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ColdFusion: Article

Handling Recursion

Handling Recursion

Recursion is a wonderfully geeky word that comes from the Latin word recursio, meaning "to run back."

A recursive procedure (or function, or subroutine) is a procedure that calls itself to do part of the work. The ancients showed the concept of recursion as a snake eating itself.

For a more modern consideration, here's what the dictionary says:

recursion (ri-'ker-zhen) : see recursion

[insert groan here] Recursion in ColdFusion is often done by means of a custom tag. The technique itself is very helpful and can provide functionality that would be difficult to achieve if we didn't have it.

A Case for Recursion
I want to take a look at this technique this month, since it's a topic that often frustrates, even frightens, developers. Let's examine an application written for the megacorporation FuseboxersRus. They've decided to create a human resources application to help the many Fuseboxers that work for the company. They want sections related to employee benefits, company information, internal job openings, and training opportunities.

After discussions and prototyping, we determine that the application will have a simple two-tier architecture. The home circuit will be HumanResources. Underneath it will be circuits for Benefits, Fuse-boxersRus, Openings, and Training (see Figure 1).

Further, while each section should have its own home page, the HR department wants an application home page to look like Figure 2. This single home page, generated by the fuseaction HumanResources.main, actually needs information from each circuit. The stock quote will come from the FuseboxersRus circuit, the job openings from Openings, the training opportunities from Training, and the benefits from Benefits.

Using Recursion to Eliminate Duplicate Code
Duplicating code in both home and individual circuits is bad technique. Instead, let's have each circuit respond to fuseactions specifically designed to return information to the home circuit. For the stock quote the Company circuit responds to the fuseaction request, Company.stock-Quote. The job openings will be handled by Jobs.random3. The fuseaction, Training.upcoming, will provide the information on training opportunities, and we'll get a list of random benefits by executing the fuseaction Benefits.random5 (see Figure 3).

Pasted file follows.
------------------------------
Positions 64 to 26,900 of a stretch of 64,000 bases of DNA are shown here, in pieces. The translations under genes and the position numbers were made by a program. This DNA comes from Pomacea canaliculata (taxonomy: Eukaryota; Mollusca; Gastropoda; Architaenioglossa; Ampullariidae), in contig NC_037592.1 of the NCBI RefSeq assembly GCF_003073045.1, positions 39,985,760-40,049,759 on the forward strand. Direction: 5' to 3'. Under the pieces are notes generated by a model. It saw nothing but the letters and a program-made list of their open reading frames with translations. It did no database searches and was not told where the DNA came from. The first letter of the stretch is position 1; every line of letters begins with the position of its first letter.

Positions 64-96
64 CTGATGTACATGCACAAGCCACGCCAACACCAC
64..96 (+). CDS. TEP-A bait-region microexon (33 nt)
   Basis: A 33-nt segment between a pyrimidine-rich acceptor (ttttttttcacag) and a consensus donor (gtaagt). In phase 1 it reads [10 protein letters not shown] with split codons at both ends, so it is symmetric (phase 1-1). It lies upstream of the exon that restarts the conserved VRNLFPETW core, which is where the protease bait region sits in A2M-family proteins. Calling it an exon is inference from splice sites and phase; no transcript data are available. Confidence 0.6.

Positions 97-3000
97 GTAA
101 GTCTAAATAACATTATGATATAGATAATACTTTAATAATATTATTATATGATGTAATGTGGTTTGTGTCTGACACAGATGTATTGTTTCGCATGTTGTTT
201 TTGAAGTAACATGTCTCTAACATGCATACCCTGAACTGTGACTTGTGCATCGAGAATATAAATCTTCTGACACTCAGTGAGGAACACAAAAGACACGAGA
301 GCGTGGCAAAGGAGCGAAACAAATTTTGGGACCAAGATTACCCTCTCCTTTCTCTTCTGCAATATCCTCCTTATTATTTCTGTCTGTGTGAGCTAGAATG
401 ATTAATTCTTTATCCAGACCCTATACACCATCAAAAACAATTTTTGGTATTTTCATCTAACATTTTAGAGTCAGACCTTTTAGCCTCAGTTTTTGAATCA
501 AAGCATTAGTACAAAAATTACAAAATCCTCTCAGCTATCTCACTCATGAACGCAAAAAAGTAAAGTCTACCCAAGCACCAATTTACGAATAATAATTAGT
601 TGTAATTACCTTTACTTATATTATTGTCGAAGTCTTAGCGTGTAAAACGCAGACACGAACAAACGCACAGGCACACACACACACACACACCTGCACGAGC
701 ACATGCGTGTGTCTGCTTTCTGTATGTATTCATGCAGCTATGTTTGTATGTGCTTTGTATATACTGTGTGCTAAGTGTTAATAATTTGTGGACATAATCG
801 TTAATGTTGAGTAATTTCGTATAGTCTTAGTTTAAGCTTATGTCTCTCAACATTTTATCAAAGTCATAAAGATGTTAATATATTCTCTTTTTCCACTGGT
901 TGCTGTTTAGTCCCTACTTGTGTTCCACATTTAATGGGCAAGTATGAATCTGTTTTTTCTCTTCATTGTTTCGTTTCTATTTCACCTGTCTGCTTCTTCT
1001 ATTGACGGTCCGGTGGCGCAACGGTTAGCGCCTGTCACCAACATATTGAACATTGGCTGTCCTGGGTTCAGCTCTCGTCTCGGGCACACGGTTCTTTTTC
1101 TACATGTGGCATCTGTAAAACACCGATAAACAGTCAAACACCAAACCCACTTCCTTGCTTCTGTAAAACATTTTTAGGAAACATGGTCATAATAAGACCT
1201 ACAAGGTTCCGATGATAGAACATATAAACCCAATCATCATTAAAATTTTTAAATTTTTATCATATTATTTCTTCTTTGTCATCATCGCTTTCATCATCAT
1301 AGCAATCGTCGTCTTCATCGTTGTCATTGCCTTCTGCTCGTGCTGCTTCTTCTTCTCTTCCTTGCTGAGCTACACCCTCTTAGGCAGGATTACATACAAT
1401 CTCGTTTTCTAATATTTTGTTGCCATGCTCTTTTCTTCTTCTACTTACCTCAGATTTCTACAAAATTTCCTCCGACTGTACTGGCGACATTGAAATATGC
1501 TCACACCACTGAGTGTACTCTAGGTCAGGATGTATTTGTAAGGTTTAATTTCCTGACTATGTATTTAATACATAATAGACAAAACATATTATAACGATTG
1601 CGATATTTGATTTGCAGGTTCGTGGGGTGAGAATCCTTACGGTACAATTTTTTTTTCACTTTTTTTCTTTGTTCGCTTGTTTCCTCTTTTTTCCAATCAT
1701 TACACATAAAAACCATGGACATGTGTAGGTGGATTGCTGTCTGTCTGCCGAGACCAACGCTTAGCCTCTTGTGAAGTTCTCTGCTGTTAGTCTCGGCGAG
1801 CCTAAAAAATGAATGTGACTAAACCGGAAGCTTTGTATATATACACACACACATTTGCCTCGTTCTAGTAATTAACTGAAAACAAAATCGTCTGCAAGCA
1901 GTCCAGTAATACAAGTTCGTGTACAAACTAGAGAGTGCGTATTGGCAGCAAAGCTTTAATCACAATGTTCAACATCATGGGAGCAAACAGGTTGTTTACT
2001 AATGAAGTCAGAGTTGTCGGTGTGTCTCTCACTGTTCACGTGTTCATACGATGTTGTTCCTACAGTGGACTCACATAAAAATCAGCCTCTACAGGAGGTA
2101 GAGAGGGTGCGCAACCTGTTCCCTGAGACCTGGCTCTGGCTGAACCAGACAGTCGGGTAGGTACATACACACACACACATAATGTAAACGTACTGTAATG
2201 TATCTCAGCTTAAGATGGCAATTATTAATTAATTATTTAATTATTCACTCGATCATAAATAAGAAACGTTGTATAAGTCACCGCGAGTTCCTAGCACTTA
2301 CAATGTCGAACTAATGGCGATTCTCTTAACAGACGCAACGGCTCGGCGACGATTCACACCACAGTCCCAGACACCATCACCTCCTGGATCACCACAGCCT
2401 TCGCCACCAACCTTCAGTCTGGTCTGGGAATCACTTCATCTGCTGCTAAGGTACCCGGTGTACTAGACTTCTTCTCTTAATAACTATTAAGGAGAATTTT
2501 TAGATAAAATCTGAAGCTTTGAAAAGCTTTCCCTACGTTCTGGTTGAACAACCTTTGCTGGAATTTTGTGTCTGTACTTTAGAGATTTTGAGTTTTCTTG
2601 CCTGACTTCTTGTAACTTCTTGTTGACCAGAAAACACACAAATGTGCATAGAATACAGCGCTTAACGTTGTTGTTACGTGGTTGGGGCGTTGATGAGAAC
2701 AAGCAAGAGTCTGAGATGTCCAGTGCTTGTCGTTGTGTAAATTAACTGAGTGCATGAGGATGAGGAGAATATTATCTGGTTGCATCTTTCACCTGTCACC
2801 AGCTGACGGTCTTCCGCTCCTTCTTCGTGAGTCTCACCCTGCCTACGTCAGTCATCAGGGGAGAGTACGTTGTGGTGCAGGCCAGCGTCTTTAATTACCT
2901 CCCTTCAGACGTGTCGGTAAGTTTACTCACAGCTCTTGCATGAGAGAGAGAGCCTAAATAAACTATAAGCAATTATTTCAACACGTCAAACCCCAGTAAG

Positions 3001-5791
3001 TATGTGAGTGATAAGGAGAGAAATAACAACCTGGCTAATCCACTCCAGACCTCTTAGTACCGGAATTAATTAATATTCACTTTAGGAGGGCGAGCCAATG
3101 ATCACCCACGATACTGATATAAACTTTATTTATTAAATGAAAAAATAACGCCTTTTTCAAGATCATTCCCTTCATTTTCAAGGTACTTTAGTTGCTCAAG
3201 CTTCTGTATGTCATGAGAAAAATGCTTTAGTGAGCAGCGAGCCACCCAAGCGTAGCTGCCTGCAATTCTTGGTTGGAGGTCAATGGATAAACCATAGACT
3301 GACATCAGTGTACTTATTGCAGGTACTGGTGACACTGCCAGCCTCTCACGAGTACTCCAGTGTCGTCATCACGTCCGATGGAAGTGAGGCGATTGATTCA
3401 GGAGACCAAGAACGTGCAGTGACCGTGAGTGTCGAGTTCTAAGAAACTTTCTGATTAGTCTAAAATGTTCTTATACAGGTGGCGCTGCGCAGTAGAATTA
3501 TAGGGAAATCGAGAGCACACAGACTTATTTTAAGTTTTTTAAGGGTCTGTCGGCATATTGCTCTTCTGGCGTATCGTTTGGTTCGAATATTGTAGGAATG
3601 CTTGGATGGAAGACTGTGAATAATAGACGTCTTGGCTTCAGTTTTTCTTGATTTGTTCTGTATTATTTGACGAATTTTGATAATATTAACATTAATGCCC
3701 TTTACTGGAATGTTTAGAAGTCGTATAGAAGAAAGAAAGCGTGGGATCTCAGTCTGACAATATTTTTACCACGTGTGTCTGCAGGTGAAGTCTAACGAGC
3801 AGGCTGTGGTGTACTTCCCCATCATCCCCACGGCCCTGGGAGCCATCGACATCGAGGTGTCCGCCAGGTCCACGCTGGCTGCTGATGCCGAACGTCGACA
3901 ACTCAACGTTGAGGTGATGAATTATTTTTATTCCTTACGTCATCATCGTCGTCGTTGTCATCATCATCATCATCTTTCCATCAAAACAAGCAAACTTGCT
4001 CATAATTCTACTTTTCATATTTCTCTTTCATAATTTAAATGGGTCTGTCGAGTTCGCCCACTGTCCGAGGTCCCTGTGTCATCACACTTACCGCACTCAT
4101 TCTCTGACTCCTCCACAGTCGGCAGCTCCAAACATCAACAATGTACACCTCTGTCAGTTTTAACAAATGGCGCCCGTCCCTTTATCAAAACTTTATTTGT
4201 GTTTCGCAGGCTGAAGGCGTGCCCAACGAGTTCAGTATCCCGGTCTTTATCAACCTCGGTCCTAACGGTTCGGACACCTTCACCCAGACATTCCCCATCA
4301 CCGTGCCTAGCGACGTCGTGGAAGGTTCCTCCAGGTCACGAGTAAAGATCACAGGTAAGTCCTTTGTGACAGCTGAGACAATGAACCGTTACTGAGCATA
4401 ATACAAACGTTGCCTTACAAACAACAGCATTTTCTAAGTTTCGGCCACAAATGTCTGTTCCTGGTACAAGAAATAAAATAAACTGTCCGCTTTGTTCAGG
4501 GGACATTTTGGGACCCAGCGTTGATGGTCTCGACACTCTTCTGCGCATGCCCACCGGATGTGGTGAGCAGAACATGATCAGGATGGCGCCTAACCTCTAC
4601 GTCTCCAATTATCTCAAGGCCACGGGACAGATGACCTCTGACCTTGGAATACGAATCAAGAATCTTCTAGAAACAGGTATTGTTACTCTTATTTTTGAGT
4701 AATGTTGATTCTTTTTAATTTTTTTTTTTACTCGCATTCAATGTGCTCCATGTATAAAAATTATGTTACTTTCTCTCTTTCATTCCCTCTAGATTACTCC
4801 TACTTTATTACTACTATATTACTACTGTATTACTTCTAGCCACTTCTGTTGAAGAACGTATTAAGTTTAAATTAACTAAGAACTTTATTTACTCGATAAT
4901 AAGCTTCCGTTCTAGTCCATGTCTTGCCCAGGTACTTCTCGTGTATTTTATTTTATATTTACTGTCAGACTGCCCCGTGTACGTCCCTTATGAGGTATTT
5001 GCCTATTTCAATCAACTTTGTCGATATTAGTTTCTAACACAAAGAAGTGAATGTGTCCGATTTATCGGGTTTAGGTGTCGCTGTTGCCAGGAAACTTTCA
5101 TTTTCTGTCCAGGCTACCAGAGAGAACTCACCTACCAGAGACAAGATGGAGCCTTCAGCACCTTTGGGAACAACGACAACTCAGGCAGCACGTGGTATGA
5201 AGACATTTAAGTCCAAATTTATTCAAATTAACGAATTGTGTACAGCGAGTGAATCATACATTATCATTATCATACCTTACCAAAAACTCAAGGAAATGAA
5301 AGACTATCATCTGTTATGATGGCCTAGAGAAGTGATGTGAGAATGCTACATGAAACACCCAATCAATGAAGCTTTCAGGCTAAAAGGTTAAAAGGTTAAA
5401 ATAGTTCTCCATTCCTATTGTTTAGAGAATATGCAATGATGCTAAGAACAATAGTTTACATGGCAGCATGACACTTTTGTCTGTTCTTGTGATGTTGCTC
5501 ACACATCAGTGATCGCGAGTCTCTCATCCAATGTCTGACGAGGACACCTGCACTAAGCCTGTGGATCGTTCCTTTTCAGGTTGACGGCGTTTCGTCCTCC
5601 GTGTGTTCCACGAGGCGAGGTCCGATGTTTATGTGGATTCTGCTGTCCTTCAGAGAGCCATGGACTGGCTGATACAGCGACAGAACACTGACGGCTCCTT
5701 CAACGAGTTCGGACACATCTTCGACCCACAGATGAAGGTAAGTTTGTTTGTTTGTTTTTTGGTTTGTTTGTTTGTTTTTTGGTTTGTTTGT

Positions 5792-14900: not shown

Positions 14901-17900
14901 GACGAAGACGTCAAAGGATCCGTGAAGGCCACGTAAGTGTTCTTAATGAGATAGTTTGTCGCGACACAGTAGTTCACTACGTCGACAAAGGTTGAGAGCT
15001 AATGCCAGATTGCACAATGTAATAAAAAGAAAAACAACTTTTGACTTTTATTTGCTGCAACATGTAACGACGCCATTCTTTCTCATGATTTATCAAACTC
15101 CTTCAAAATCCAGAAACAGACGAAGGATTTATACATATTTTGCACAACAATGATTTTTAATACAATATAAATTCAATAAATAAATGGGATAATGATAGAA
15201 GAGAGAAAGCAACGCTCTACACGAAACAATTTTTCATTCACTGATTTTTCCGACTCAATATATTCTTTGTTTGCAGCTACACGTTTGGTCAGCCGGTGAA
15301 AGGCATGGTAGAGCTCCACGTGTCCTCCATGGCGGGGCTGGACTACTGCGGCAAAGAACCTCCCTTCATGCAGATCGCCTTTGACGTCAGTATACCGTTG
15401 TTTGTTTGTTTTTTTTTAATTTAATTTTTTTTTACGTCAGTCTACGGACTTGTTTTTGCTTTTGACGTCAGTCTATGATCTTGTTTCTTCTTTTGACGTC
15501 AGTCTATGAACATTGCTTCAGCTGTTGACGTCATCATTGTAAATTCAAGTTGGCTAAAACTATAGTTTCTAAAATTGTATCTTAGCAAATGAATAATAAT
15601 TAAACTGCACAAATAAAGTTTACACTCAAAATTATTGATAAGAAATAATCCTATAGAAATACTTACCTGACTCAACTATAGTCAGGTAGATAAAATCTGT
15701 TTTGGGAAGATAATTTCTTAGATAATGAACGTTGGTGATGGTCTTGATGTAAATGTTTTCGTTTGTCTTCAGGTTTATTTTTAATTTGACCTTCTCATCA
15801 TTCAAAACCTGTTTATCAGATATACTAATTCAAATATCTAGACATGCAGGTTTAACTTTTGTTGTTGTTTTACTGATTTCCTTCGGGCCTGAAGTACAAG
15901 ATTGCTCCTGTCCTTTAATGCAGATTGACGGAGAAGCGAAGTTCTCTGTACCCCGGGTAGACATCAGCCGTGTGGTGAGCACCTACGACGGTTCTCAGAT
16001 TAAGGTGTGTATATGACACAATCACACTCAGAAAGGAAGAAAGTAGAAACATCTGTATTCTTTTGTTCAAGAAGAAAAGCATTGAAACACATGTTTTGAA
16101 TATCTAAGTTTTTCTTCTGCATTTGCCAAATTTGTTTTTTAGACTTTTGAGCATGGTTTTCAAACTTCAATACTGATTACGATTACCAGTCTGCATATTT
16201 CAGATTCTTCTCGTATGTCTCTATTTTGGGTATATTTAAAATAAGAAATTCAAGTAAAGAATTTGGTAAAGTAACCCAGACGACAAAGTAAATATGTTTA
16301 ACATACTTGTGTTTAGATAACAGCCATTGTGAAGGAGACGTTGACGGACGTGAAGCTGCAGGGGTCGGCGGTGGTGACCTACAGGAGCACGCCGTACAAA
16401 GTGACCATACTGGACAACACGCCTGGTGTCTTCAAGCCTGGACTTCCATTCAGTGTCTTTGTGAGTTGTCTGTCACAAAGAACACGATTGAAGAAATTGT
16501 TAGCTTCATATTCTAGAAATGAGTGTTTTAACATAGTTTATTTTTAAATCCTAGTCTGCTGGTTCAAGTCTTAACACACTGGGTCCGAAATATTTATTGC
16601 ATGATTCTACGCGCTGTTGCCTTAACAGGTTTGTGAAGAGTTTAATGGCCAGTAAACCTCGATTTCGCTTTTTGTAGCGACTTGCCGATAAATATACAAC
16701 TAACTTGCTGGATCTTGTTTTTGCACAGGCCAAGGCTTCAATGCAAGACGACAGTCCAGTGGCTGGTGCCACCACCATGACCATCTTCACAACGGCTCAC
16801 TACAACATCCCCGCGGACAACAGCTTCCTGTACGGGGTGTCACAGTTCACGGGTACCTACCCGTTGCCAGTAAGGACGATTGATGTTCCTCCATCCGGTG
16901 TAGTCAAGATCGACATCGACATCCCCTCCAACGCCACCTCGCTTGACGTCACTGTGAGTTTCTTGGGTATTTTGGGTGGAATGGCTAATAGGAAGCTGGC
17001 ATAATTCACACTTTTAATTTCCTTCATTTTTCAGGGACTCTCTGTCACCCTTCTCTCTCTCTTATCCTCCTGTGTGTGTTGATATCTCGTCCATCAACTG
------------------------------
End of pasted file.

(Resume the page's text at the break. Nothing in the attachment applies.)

With cases like this - and there are many such cases in creating real-world applications - the best method is to call the application recursively. In effect, we want to suspend processing of the current fuseaction for a moment while we ask the application to return the information we need to complete the waiting fuseaction.

We can do just that with Fusebox 3. Listing 1 is a snippet from the FBX_ Switch.cfm file in the home circuit.

Each <cfmodule> call spawns a separate process, giving us the effect of suspending the original fuseaction while we go out and get the needed information.

The code for the fuseaction is straightforward. The only thing different about it is that it returns information in the caller scope, which is needed so that custom tags can communicate with the pages that called them. If we have code that will be invoked both through a custom tag and normally, this code snippet (placed in the home circuit's FBX_Settings.cfm file) will automatically adjust the scope of the code:

<cfif Fusebox.isCustomTag>
<cfset Scope = "Caller">
<cfelse>
<cfset Scope = "Variables">
</cfif>
The variable Fusebox.isCustomTag is part of the application programming interface provided by Fusebox 3. Using this technique you can create applications that are more powerful, tidier, and require less code.

[This article is excerpted from the book Discovering Fusebox, by Hal Helms and John Quarto-vonTivadar.]

More Stories By Hal Helms

Hal Helms is a well-known speaker/writer/strategist on software development issues. He holds training sessions on Java, ColdFusion, and software development processes. He authors a popular monthly newsletter series. For more information, contact him at hal (at) halhelms.com or see his website, www.halhelms.com.

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